Opinion | Fix your eating, fix your life


Kenyon Edmond

Students wait in line during seafood night at Lincoln Avenue Residence’s dining hall on Oct. 26 ,2017

By Mark Toledano, Columnist

What time did you wake up this morning? Unless you’ve got the morning shift or ROTC personal training, I’ll bet it wasn’t before daybreak. What about your homework? How’s that final project due at the end of the semester coming along? I’d wager you haven’t even opened the assignment. And your love life? Dare I ask? 

If you feel behind, overworked and overdone, you probably need to give your body what it needs: a break. But that’s not going to happen, at least not until December. So, give your body the other things it needs, like adequate nutrition. Like, now. 

“All disease begins in the gut,” Hippocrates famously stated some 2000 years ago. You are what you eat, after all. Hippocrates, like modern medicine, understood a happy gut can break down foods to power a happy body. A stressed gut, on the other hand, can only lead to problems for the whole system. 

You probably experience this every day. A nutrient-dense breakfast will keep you less hungry and more focused than a doughnut will. Why? Because, a doughnut is nothing but a sugar ball. Simple carbohydrates are exactly that: simple. Too easy to absorb for your body to get any lasting energy from it.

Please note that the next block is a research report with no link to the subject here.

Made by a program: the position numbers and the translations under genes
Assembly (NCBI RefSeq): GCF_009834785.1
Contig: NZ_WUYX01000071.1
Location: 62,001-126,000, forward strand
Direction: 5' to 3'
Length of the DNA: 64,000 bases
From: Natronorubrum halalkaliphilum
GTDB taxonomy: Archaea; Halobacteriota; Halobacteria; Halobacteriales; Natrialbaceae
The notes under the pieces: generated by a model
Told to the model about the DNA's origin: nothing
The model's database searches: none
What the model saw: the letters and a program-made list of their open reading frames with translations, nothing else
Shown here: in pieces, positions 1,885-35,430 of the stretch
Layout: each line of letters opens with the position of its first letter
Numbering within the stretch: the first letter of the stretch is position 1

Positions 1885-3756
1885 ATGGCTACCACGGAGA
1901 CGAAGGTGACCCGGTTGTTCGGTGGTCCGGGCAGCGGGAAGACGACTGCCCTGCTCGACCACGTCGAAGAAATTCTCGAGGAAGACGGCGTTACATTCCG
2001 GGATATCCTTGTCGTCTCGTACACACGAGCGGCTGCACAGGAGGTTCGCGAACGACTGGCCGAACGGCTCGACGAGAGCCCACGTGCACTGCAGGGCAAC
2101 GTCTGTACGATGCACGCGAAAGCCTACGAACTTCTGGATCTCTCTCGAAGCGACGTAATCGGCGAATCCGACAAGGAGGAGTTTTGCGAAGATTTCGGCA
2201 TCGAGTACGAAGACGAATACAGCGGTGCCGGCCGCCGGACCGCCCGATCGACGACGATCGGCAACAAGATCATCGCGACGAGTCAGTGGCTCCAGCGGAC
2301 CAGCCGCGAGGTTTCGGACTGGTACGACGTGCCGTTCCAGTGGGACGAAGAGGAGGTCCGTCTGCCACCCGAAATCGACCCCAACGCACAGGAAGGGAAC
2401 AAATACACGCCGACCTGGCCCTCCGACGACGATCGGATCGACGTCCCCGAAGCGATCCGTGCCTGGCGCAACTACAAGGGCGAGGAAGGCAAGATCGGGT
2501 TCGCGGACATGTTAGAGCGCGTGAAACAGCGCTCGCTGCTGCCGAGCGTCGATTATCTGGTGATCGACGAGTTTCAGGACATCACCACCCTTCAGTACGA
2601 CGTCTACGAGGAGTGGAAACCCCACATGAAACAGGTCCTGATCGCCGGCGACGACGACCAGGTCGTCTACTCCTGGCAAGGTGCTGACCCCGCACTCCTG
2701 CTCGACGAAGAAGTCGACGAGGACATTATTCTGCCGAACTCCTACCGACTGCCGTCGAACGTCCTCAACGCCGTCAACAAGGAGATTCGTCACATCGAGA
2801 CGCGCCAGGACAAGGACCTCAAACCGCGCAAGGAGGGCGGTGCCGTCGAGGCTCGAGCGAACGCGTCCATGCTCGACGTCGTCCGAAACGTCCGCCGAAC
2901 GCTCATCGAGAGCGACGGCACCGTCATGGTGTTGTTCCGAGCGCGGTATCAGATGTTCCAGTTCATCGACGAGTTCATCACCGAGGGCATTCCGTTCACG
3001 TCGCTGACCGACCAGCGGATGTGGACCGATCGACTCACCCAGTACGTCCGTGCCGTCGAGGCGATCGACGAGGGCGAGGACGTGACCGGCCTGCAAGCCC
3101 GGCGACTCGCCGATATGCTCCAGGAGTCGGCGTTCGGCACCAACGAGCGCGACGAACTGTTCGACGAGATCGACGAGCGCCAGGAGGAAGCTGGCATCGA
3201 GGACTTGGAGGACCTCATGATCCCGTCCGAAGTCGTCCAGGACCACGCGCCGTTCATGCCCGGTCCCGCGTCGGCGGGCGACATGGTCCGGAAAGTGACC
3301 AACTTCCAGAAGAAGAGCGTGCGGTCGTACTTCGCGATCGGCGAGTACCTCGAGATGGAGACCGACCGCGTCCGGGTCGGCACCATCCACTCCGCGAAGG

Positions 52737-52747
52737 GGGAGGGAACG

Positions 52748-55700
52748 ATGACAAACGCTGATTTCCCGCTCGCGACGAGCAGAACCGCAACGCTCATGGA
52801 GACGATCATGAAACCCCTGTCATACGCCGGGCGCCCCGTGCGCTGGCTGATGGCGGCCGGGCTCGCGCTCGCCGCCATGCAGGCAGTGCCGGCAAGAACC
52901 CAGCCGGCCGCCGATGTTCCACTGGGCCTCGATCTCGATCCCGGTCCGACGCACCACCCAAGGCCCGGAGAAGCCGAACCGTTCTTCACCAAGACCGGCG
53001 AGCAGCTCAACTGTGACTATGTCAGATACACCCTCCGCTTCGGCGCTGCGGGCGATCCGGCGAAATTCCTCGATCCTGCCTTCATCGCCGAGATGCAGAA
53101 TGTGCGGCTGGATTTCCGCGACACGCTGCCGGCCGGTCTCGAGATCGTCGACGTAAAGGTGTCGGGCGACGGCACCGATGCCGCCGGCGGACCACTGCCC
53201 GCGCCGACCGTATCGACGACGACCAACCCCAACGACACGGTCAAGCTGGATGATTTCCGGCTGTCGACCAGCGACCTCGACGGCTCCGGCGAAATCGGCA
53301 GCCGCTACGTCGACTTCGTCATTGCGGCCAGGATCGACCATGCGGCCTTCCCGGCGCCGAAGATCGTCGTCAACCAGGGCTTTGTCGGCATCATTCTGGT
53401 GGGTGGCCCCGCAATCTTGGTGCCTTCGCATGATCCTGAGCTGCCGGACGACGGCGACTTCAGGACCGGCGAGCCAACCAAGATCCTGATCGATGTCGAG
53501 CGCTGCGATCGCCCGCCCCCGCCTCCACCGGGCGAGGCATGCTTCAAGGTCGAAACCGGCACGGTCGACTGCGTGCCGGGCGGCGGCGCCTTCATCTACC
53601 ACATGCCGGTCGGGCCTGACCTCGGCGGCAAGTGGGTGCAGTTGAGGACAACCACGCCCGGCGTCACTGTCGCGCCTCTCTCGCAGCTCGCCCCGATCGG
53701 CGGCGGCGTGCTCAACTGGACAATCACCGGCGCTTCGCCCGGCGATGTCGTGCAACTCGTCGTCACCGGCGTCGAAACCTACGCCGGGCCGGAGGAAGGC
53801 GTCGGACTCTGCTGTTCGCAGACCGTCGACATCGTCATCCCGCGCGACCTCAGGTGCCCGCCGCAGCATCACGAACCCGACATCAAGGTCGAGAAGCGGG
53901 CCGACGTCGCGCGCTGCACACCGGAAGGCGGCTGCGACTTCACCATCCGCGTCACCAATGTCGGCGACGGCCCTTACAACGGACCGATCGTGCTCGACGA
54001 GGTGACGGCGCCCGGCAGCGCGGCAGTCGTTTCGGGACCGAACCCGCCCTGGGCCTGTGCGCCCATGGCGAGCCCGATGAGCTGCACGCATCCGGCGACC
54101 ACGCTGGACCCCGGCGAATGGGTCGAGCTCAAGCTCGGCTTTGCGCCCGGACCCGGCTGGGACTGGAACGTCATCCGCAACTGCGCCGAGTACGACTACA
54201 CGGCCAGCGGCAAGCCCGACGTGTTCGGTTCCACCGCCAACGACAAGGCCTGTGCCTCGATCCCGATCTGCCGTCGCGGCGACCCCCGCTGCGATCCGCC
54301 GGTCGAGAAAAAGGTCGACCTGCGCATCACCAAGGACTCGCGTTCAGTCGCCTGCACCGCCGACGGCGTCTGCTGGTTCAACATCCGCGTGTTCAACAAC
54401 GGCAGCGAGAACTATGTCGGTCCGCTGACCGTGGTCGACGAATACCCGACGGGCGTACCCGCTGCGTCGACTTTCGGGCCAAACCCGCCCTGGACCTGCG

Most us know why we don’t eat as well as we’d like. After a full day of classes, projects and work, who wants to come home and whip up a healthy masterpiece? Enter junk food. Quick, convenient and detrimental. 

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    Anyone can make time for a wrapped bar. Fast food is at every corner on campus, but that kind of food doesn’t really satisfy you. It’s a trick. Fat food, as I call it, makes you more irritable and hungrier, and that starts the process over again. It’s a vicious cycle. But to break that cycle is to save your gut. And the gut, we know, is your second brain. This isn’t just for your physical health; it’s for your survival.

    Healthy food isn’t just for the yoga crowd anymore. Hang around the ARC long enough and you’ll bump into weightlifters cutting carbs, frat boys going keto and runners ditching sugary drinks. 

    Everyone benefits from a lifetime of proper eating; tribes are irrelevant. We truly are blessed to live in a country with such abundant food reserves. Unfortunately, most of us aren’t using them to our advantage. I say, be selfish. Take the broccoli over the fries. It’ll do you better in the long run. Who doesn’t want to be happier, healthier and more productive? When you start to view food as what it is — medicine — you can.

    Mark is a junior in ACES.

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